“No worries, but I still would rather assess his state of mind at the moment, before getting into... well.. the body. Health extends to the mind as well.” responded the taller doctor, while nodding to the assistant. The assistant then pulled down their luggage onto the floor, a clattering metal noise coming from it. As the assistant opened the luggage, revealing multiple tools of unknown uses, the doctor turned to the kid again.
“Hope the masks are not scaring you, this must be the first time seeing someone wear them.” the doctor said to the kid. Mortigus noticed the doctor’s voice had gotten softer, calming him a bit.
“ …Yes, but I've heard of them. You must be the doctors.” Mortigus forced himself to say.
“Ah, indeed! Very glad to hear you have an idea of who we are. Your father said you have been sick for over a month, and yet here you are, capable of conversation, that is so peculiar, so…impressive, boy. I have to say though, we are more used to the full title: Plague doctors! The medical field is wide and full of particular …listen to me ramble, sorry, boy. My assistant took this rambling as an opportunity to prepare my tools, that is good at least.”
The assistant was indeed ready with two metal tools in their hands, as well as a ceramic container.
“Tools? So you use tools too?” asked the boy innocently.”
“These are not really the same as your parents’ farming tools but yes, we use tools to help people. It is dangerous to touch you directly when the plague spreads so quickly. I would advise your parents to be more careful too, but it might be useless anyway.”
The boy was confused by the last words of the doctor, but before he could reply, the assistant grabbed his left wrist. Mortigus’ body trembled a bit, lacking the energy needed for a bigger reaction. He could barely move despite the assistant clearly putting little strength in their grip. The assistant then started pulling the bed sheet from over Mortigus’ left arm and proceeded to press slowly onto the crook, while holding the arm steady from the elbow. Mortigus could see the lines in his arm get more visible.
“ You got good veins, boy, that makes our job easier.” chuckled the doctor. “I apologise for the following sting but it is necessary that you do not struggle.”
While focusing on the assistant, the boy didn’t even notice the doctor holding a sort of needle and hitting it with their finger, making a droplet fall onto the floor. In a quick motion, the doctor grabbed the boy’s arm as well, injecting the needle into the crook. The boy attempted to struggle from fear but his body was already too limp. His eyes started to close, his last sight being the white mask of the doctor turning away from him.
A painful pressure threw the boy into consciousness. His head felt heavy, his brain compressed by the air itself. As the boy tried to rise, a couple of arms picked him up from the bed. By the weird feel on his back, the boy could tell it wasn’t any of his parents’ arms.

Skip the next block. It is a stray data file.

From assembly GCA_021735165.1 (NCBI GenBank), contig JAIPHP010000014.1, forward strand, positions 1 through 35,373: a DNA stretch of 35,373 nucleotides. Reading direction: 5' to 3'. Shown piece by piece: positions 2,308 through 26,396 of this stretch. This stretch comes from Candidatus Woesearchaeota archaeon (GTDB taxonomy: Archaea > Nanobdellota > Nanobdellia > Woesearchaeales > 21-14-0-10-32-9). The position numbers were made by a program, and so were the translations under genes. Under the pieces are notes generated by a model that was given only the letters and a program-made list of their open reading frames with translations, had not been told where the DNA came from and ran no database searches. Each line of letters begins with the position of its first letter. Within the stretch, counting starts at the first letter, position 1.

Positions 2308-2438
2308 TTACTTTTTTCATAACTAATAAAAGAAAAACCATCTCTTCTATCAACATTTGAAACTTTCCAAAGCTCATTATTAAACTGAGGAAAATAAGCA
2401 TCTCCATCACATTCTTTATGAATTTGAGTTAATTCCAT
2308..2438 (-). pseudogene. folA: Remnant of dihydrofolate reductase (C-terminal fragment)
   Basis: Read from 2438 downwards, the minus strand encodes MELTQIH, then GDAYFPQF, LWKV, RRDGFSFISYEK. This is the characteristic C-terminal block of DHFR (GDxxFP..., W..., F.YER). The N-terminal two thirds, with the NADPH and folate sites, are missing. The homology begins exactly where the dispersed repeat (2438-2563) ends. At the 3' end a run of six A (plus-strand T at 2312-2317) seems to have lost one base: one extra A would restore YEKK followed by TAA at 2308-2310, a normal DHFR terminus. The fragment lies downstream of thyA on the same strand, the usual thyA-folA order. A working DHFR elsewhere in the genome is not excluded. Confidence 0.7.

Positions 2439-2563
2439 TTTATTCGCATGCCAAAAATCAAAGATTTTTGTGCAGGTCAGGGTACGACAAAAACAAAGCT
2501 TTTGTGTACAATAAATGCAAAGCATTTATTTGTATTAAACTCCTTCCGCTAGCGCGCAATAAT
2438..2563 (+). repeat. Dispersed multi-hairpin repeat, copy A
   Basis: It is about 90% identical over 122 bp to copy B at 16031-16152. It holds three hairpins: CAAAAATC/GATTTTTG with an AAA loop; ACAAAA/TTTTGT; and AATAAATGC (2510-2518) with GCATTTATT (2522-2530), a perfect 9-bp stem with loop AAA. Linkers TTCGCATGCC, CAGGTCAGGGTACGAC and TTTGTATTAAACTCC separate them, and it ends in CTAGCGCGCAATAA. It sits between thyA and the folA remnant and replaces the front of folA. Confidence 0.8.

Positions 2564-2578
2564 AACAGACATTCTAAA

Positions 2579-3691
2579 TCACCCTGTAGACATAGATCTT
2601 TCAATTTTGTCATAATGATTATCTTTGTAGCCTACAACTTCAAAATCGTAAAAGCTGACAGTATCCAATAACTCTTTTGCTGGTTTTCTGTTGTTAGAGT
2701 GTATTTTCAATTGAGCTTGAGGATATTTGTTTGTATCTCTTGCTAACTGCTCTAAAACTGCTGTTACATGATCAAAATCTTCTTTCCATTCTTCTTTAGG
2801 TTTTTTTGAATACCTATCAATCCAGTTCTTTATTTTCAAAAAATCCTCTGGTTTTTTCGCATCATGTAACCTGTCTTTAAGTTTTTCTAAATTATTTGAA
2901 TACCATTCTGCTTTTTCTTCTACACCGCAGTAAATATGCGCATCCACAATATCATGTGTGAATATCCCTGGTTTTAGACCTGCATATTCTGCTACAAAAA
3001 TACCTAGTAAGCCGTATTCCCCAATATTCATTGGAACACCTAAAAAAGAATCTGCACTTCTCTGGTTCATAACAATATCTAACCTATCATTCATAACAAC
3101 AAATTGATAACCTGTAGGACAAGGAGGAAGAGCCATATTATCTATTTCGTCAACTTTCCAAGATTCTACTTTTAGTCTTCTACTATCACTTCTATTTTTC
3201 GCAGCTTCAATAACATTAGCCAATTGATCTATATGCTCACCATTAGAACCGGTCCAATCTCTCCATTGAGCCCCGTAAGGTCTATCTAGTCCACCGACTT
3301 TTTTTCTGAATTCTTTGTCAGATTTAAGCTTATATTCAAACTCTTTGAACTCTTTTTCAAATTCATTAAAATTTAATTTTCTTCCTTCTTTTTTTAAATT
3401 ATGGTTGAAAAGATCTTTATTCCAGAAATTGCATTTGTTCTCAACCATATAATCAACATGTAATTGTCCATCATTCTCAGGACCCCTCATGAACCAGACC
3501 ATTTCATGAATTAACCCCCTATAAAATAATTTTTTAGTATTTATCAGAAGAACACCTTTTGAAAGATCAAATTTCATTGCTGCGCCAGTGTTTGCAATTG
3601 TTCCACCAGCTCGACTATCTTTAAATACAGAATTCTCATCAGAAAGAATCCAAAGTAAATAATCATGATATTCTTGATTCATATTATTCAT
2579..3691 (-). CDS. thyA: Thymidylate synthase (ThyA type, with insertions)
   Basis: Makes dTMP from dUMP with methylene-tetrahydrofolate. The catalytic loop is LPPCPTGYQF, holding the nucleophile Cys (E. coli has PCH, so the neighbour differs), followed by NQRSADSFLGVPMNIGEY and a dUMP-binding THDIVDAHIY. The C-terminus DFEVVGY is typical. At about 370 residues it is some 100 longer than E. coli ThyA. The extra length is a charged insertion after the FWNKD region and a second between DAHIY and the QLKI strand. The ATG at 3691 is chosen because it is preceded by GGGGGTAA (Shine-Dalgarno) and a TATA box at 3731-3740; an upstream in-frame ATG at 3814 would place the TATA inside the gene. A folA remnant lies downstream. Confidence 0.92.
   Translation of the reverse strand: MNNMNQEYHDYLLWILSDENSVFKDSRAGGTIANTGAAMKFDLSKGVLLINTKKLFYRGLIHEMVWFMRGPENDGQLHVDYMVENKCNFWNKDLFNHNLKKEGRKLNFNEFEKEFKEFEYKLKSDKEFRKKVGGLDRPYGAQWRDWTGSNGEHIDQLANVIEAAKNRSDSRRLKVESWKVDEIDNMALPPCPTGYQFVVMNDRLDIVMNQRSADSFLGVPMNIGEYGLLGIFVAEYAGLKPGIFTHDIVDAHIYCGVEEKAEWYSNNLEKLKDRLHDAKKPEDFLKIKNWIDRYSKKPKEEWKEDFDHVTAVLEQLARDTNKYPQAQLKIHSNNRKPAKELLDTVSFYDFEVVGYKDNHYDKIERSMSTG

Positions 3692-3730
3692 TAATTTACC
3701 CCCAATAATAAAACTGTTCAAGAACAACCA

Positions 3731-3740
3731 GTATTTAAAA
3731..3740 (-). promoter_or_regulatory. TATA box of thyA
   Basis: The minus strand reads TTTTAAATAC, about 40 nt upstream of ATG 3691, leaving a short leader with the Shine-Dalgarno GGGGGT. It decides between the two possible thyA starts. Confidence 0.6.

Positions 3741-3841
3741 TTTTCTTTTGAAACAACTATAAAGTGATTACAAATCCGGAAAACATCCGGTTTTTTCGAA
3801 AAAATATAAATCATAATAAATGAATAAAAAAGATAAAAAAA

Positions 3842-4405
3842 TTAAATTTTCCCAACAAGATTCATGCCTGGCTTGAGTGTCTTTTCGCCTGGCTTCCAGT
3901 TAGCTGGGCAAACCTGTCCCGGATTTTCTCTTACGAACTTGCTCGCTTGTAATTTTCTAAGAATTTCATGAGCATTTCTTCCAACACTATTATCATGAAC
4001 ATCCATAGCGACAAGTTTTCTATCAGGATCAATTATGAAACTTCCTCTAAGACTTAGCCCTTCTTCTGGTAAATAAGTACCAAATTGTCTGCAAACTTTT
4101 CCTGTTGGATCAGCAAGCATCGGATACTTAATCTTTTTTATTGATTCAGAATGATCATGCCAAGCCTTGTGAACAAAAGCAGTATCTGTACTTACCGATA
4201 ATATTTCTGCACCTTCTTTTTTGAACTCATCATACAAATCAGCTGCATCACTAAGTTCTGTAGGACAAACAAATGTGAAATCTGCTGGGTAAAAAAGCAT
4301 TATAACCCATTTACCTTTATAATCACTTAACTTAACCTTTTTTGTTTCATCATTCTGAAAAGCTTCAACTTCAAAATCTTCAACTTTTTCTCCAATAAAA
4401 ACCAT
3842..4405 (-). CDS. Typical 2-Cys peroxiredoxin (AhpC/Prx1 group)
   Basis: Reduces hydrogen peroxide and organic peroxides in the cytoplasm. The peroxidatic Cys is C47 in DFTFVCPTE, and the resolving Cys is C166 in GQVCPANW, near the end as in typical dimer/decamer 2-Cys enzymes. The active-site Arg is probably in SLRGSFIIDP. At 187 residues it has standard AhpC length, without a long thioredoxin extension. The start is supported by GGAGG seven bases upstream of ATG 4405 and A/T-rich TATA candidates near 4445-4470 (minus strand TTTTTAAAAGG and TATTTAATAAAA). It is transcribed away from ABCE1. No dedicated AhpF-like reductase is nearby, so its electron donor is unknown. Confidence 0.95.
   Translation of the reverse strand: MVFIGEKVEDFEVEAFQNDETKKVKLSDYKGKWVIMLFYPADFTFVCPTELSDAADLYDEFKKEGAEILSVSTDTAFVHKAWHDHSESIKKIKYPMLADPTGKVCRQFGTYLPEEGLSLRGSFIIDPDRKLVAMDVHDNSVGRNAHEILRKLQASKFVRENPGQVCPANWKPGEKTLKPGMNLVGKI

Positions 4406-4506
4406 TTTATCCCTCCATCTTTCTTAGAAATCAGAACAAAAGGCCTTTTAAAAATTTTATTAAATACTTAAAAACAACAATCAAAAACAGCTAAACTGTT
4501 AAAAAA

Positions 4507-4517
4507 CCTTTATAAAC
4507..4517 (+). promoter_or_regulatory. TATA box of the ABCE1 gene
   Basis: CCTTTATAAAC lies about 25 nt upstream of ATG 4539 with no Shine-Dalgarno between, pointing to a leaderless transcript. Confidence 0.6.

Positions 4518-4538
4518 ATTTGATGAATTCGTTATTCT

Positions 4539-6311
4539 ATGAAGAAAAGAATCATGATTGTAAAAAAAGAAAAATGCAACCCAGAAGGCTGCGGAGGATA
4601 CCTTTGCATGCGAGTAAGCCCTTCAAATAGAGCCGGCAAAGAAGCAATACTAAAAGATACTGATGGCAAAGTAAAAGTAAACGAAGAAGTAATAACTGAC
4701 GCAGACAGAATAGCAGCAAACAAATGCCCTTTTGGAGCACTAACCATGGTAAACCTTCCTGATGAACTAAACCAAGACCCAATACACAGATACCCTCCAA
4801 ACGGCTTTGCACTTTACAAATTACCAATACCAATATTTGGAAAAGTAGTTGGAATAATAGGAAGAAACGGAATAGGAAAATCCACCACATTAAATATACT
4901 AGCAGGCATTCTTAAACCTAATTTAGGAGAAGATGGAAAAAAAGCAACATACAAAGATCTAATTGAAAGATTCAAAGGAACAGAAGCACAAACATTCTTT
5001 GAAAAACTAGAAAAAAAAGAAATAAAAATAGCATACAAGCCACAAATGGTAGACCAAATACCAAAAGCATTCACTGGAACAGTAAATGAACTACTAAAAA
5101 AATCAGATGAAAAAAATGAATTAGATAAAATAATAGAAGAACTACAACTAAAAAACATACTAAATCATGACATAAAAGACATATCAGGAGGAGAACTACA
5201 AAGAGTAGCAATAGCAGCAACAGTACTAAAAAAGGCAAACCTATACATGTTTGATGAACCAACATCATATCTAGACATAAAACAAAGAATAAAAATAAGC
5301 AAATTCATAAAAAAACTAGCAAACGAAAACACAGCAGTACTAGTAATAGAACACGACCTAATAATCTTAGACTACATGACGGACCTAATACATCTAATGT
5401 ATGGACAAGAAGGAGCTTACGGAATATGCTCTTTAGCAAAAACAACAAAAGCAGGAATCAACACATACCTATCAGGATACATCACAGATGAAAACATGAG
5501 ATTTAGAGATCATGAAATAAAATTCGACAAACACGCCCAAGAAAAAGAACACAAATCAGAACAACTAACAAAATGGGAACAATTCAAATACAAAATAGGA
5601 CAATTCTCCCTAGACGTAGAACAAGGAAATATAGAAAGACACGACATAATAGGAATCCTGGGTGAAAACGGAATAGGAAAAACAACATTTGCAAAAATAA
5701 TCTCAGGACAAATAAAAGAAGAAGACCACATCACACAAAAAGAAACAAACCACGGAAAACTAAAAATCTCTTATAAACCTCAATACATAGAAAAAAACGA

“Then I’m afraid we will have to depart right away, but I assure you that the treatment Mortigus will receive at the laboratory far exceeds the one we could give out here. The boy has a strong heart, good veins, he will make it, I promise you.”
“We’re truly grateful, sir. It means a lot to hear something hopeful. I’m afraid we can only pay you with some of our chickens, or maybe a pig? They didn’t have the time to fully grow -”
“Payment is not necessary,“ the doctor interrupted the mother, “I know how these times have left your family deeply wounded, my duty as a doctor pushes me to help to the best of my abilities. I cannot ask you three to give me anything more than your trust and hope.”
The doctor turned to the half-asleep boy, who was being carried by the assistant. “Mortigus, I think you should give your goodbyes for the moment. As sleepy as you are, you would regret not doing it.”
The assistant brought the boy closer to his parents, who jumped to hug their son. Mortigus could barely feel their arms around him, but he felt their warmth. Tears started drooling on his hair. His sleepy eyes could barely make out the shape of his parents’ mouths moving, their words barely audible through their cry. However, he could feel the cry was different from the ones he had heard when he was in bed, at night, while his parents would discuss at the table. Indeed, there was hope in their cries, slowly overpowering the desperation that has been built over so many days. He attempted to say goodbye as the doctor told him, muttering the words and forcing his arms to hug them back. Overcoming the pain still present in his left arm, he reached out for their necks, but the assistant pulled him back. The kid, not fully aware of the situation, still attempted to hug the air.
“Sorry, but prolonged contact may be dangerous. As much as it hurts, you will have to say your last words now. It is better for his health the sooner we leave.” the assistant calmly said. Mortigus, almost fully awake, could now make out the faces of his parents, tearful as they were, and tried to smile, to cheer them up.